Writing Tip of the Week: Use Spellcheck and Double-Check your Content
Hey guys. How do you like my new title^? I was looking up for some ways to jazz up the blog. Are the rainbow colors too much? I tend to love rainbow-colored things because I just love colors (I was the kid with the 94 and 120 crayon boxes from Crayola) and the way these seven colors look together. Let me know if I should tone it down (maybe black text with rainbow line?).
Anyway, today’s writing tip of the week is going to be one of those that most aspiring writers should know through common sense, but it seems that some still forget about it. Before I go into this, I want to make it clear that sometimes you don’t always catch mistakes. Even editors and publishers don’t catch certain mistakes. I have no problem with a careless, overlooked error once in a while but when your work is full of them, that’s when I start losing respect for an author/publisher. Ahem, Zondervan.
When you finish writing your book or short stories, spellcheck is your friend! It will pick up on any misspelled words. But keep in mind that spellcheck won’t catch every mistake. It won’t catch incorrect punctuation or when you use the wrong words. Some programs, like Microsoft Word, will help with grammar, but I’ve found that it isn’t 100%, or even 80% in my opinion, reliable.
The best way to ensure that your story is as error free as possible is to read it slowly aloud to yourself. If you have friends who are willing to help, let them read it. Since they will be reading your work with a fresh mind, it will be easier for them to catch errors. Sometimes we are so familiar with our own work and writing that we tend to overlook our mistakes. I’ve found that putting a story aside for a month or two and then trying to catch errors works much better than trying to proofread right after finishing the draft.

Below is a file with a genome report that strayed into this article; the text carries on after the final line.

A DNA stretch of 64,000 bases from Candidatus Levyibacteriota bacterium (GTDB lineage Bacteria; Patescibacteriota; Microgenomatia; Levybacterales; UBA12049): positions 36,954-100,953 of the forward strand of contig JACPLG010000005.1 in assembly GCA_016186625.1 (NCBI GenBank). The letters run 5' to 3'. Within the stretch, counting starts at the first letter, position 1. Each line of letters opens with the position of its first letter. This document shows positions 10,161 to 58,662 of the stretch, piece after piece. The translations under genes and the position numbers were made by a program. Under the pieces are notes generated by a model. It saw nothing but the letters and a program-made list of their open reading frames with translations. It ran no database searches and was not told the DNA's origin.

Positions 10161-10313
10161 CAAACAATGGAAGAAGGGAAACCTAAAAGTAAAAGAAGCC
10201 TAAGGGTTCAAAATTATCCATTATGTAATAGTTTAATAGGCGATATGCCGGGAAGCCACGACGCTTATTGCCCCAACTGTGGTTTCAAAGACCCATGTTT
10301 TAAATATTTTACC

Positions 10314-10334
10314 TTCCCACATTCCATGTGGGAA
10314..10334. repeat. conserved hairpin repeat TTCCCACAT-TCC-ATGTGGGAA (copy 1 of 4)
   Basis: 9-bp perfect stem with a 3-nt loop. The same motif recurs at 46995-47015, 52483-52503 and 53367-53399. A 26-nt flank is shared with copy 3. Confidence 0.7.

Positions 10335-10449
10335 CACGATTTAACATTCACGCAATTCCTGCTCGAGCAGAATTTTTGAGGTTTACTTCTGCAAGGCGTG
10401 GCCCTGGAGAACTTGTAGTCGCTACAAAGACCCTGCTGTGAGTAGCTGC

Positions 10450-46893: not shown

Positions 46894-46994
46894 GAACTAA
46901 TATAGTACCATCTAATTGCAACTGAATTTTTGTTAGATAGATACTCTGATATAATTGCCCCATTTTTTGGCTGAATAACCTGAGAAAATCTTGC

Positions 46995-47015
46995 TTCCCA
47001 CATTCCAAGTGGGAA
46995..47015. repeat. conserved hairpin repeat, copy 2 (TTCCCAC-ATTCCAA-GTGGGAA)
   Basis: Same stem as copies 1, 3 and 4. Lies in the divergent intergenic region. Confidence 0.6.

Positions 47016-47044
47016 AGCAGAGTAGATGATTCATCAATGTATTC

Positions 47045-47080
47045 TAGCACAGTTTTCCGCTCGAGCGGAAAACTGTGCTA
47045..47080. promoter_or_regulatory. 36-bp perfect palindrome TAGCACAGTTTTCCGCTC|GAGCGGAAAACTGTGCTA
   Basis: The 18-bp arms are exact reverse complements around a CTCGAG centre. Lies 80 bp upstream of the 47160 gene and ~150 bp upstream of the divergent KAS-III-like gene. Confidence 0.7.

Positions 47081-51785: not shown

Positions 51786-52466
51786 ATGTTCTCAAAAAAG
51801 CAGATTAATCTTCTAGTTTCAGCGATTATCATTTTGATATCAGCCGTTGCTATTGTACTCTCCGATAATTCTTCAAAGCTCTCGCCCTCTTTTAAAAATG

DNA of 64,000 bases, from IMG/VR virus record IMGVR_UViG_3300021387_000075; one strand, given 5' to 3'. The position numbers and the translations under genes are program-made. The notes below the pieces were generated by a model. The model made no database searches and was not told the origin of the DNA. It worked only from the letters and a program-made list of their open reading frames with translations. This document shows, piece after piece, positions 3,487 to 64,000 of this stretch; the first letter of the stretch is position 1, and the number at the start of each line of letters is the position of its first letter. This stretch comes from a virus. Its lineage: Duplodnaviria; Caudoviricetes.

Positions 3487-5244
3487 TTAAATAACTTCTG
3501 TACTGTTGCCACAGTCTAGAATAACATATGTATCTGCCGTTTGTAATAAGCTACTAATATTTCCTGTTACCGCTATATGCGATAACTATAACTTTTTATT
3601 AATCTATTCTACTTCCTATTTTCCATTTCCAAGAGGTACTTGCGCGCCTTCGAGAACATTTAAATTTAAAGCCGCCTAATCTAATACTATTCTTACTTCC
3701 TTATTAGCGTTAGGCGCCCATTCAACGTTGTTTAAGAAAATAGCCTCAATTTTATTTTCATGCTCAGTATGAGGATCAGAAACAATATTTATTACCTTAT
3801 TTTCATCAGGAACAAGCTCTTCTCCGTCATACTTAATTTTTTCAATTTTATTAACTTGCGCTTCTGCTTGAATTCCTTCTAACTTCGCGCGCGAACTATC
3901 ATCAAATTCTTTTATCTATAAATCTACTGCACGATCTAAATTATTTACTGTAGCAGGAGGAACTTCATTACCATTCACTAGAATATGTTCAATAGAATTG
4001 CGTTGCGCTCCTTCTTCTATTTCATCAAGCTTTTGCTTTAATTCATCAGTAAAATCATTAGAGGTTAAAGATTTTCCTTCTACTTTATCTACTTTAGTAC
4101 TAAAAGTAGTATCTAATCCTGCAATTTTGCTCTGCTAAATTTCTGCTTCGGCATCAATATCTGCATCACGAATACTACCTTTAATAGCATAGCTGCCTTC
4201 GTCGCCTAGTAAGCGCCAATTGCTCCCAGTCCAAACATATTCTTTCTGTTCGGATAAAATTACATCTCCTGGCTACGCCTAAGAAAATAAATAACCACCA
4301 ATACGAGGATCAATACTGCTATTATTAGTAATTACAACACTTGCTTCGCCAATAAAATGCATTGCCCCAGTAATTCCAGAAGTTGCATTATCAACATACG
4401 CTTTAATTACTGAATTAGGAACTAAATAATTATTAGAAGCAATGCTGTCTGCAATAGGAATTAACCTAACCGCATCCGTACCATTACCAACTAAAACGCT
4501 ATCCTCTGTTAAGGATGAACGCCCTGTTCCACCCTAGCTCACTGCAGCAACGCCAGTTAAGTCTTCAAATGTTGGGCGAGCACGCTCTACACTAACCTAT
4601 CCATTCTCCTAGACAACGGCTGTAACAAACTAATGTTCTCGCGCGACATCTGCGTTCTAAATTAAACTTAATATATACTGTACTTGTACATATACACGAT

So even though proofreading should be common sense for all writers, it’s still an important enough part of the writing process that I thought it needed stressing on.
And now, I need your help!
If you are reading this, what are your writing weaknesses?
What kind of tips would you like to see to help you improve as a writer?
Sometimes I have trouble thinking up writing tips because I feel I’ve pretty much covered most of my weaknesses and anything helpful I thought others would find useful.
So please, please, help me out.
What tips haven’t I covered that you would like to see more of? Actual grammar lessons? Writing exercises that focus on certain skills? POV? Character development? Tense?
Please let me know! Otherwise, I might have to start doing writing tips once a month just to come up with new, helpful ones.
Posted on February 10, 2013, in Writing and tagged check your work for errors, important things writers need to do, important writing must-dos, jncahill, proofreading, spellcheck, writing tip, writing tip of the week, writing tips. Bookmark the permalink. 3 Comments.